10. "Hide and Seek Fog” written by Alvin Tresselt and illustrated by Roger Duvoisin is children’s picture book that tells the story of how fog comes into the lobsterman’s town- and as a result, keeps most of those from the town inside for the next three days. The fog is so thick that pedestrians on the street even run into one another as they walk! However, the fog goes away after three days and the people from the town resume their lives as normal. I did not particularly like the text of the [...]


    11. As I've done this Caldecott Challenge, I've gotten to read two of his previous Caldecott Honor/Award winners "White Snow, Bright Snow" and "Rain Drop Splash", both of which I have enjoyed. Those, like this book, are about a natural event - in this case fog. It rolls in off the coast of a small fishing village and blankets the town and its inhabitants and vacation-goers for three days. Although the fog completely stops the lobstermen and other businesses in their tracks, it doesn't deter the kids [...]


    12. A heavy fog rolls into a seaside town and puts a halt to all normal activities. Both the pros and cons of the fog are explored, and then normal activities resume when it recedes two days later.An interesting book for the topic. Not many books out there cover fog days, the headaches they bring for those on a coastal town or the fun it provides for kids who play in it. The illustrations are simple in that they are mostly impressionistic and especially the fog ones are sparse in detail, but they do [...]


    13. 1966 Caldecott Honor. Favorite Illustration: the page showing the clothesline with the brightly colored clothing hanging on the line being washed out by the fog twisting "like slow-motion smoke."I don't have a ton of experience with fog, but having lived near a large lake most of my growing up years, I do have some small memories of early morning fog. I can't imagine, though, a fog rolling in and lasting for 3 days! This story was slow moving and peaceful, without a real plot. I loved the way th [...]


    14. The story tells a time when fog rolls in on a summer New England (I'm guessing from the language) town. It tells about what different people: lobstermen, fishermen, fathers, mothers, and children, do when this happens. Sheds a little light on what life and vacation was like for people in small New England coastal village. It was a little boring and read more as a list of facts than a story. The illustrations were done mostly in pastels both before and after the fog. I would have liked more of a [...]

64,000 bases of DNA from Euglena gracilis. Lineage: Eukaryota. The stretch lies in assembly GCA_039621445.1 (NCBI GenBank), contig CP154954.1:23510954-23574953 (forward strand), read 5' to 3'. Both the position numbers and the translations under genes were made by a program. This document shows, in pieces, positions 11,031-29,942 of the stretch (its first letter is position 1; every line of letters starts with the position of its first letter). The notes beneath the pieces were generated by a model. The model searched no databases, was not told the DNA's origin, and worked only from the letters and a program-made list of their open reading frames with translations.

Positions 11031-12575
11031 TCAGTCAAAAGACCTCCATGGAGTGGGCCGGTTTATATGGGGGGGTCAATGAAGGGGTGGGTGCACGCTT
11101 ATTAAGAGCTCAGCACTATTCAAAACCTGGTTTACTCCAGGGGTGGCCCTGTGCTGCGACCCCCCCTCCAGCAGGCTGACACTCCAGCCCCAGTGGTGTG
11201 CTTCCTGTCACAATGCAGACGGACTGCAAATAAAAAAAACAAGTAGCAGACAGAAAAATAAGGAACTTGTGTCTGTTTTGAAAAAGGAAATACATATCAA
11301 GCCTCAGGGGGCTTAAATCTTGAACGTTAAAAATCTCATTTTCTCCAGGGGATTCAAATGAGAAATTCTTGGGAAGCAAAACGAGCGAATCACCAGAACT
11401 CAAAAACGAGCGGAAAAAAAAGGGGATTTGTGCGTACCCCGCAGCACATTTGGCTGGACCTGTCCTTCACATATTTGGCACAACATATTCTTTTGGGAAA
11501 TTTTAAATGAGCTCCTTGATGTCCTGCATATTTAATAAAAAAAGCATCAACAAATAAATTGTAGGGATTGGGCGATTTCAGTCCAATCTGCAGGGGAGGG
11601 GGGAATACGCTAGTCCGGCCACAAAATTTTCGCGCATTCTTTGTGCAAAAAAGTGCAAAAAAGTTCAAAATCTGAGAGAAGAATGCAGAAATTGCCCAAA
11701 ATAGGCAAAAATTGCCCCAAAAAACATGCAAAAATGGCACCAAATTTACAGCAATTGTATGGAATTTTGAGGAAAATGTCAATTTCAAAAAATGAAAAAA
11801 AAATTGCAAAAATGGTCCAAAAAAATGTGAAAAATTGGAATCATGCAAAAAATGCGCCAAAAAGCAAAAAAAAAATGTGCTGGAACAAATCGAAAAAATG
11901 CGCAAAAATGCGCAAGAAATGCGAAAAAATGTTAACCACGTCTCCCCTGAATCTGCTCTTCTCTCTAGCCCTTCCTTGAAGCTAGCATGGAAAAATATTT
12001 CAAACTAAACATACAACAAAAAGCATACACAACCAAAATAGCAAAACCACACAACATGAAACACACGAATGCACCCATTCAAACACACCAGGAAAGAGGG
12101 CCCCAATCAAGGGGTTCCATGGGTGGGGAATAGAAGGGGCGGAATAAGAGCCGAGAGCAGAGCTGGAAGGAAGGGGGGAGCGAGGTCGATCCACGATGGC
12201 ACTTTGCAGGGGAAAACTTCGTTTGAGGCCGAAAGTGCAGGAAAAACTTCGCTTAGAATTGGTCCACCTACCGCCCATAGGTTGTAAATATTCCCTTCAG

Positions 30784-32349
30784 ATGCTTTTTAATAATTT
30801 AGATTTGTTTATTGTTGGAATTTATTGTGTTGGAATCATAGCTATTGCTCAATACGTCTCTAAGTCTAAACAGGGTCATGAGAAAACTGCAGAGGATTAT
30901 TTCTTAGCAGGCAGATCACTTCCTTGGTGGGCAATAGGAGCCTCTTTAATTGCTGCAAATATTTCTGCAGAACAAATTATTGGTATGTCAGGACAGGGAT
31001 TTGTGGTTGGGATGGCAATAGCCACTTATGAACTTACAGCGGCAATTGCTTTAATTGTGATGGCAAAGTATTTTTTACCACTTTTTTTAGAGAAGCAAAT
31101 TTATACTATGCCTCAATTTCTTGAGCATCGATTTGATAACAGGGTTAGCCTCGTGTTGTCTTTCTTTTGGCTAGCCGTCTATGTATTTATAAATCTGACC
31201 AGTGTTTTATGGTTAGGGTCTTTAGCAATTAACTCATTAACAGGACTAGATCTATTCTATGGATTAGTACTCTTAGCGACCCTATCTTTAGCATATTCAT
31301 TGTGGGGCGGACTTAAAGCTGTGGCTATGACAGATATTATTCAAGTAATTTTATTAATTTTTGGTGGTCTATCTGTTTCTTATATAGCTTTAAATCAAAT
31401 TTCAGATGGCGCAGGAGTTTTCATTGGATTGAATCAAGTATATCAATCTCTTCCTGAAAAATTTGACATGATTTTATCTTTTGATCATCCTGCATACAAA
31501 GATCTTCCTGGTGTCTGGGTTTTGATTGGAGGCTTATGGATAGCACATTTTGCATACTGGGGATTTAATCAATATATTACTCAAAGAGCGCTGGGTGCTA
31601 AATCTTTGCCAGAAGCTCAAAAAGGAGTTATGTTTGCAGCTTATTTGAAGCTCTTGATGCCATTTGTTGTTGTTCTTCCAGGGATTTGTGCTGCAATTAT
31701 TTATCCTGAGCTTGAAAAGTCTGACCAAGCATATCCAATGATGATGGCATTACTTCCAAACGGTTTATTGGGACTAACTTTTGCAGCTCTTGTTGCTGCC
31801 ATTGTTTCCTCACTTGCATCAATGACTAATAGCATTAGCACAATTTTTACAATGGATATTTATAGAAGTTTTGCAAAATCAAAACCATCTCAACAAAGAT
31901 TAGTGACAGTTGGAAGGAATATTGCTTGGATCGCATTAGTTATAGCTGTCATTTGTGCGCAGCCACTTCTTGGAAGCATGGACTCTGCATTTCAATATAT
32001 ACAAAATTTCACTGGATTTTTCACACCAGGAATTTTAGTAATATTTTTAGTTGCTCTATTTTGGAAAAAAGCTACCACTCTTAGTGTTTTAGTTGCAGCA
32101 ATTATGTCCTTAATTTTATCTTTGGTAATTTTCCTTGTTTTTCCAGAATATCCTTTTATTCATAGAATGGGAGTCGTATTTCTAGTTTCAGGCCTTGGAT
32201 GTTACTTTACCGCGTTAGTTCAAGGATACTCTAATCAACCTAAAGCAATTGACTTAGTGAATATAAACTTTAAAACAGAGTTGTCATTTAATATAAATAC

15. This lovely book illustrates the look and feel of a three-day fog which settles in over the bay where children, lobsterman, and sailors must wait for it to lift. The pictures in this one are really impressive. It's amazing how, with so few clear lines, Duvoisin is still able to hint at the shapes of houses and people behind the thick, oppressive fog. I can remember being fascinated by fog as a kid, and I think Tresselt and Duvoisin understood that feeling and incorporated it into this book.


    16. The illustrations are perfectdistinct and foggy as the story meanders through life at the seashore (I'm picturing New England) during a really foggy spell. Honestly, I would have given this the Caldecott medal in 1966 instead of Always Room for One More just because I liked how the style matched the story so well.


    17. Hide and Seek Fog by Alvin Tresselt highlights what it is like to live a few days in a fog storm and how it affects business and people who live near the water in everyday life activities. Children who live near bodies of water or know about the water could relate to this book. This book is appropriate for Pre-K to third grade students. The reading level for this book is a guided level M. Hide and Seek Fog is a Caldecott Medal Winner.


    18. This isn't one of those books with a clear story and a plot and all that. Instead, it's one that just describes something - in this case, a three-day fog and the effect it has on everybody.It's not a very exciting book, but it has its own quiet poetry to it, and the illustrations are to die for.


    19. This is one of those Caldecotts where the illustrations really are the draw, but alas, there isn't much story. A fog takes over a sleepy little Cape Cod village, and the activities of all are potrayed through lovely misty drawings. The tale itself? Rather dull.


    20. In a village by the sea, a heavy fog rolls in and lasts for three days. The lobsterman cannot trap lobsters, the sailors cannot sail and the children play hide and seek around their cottages in the fog until the sun breaks through and life returns to normal.


    21. A thick fog rolls in and disrupts daily life for all the town's residents. Artwork consists of paintings and much of the color palette for the book is misty gray (to represent the fog). The colors brighten up in the end when the fog recedes.


    22. Okay Caldecott Honor book. Fog at a New England beach. It does a good job of capturing a moment in time. But the writing is kind of lame and the art isn't good enough to rescue it. No real story, no real characters and no real place. 2.5 of 5.


    23. This book is all about the illustrations which are FANTASTIC! the story is very simple, but you won't care because you'll just be drooling over the art work anyway.


    24. The author-illustrator combination has created a magical approximation of the experience and feel of a foggy day. Duvoisin's watercolors ate so expressive.


    25. 1966 Caldecott Honori liked the illustrations much better than the story, but it was still decent for 1966.




    26. oh, how i loved this book. poetic and beautifully illustrated, the author brings you into his foggy world. this is one i want to buy.


    27. A nice, evocative description of a foggy three days in a small sea town. The illustrations do a good job of depicting the gray foggy scenes. Still, not a great favorite of mine.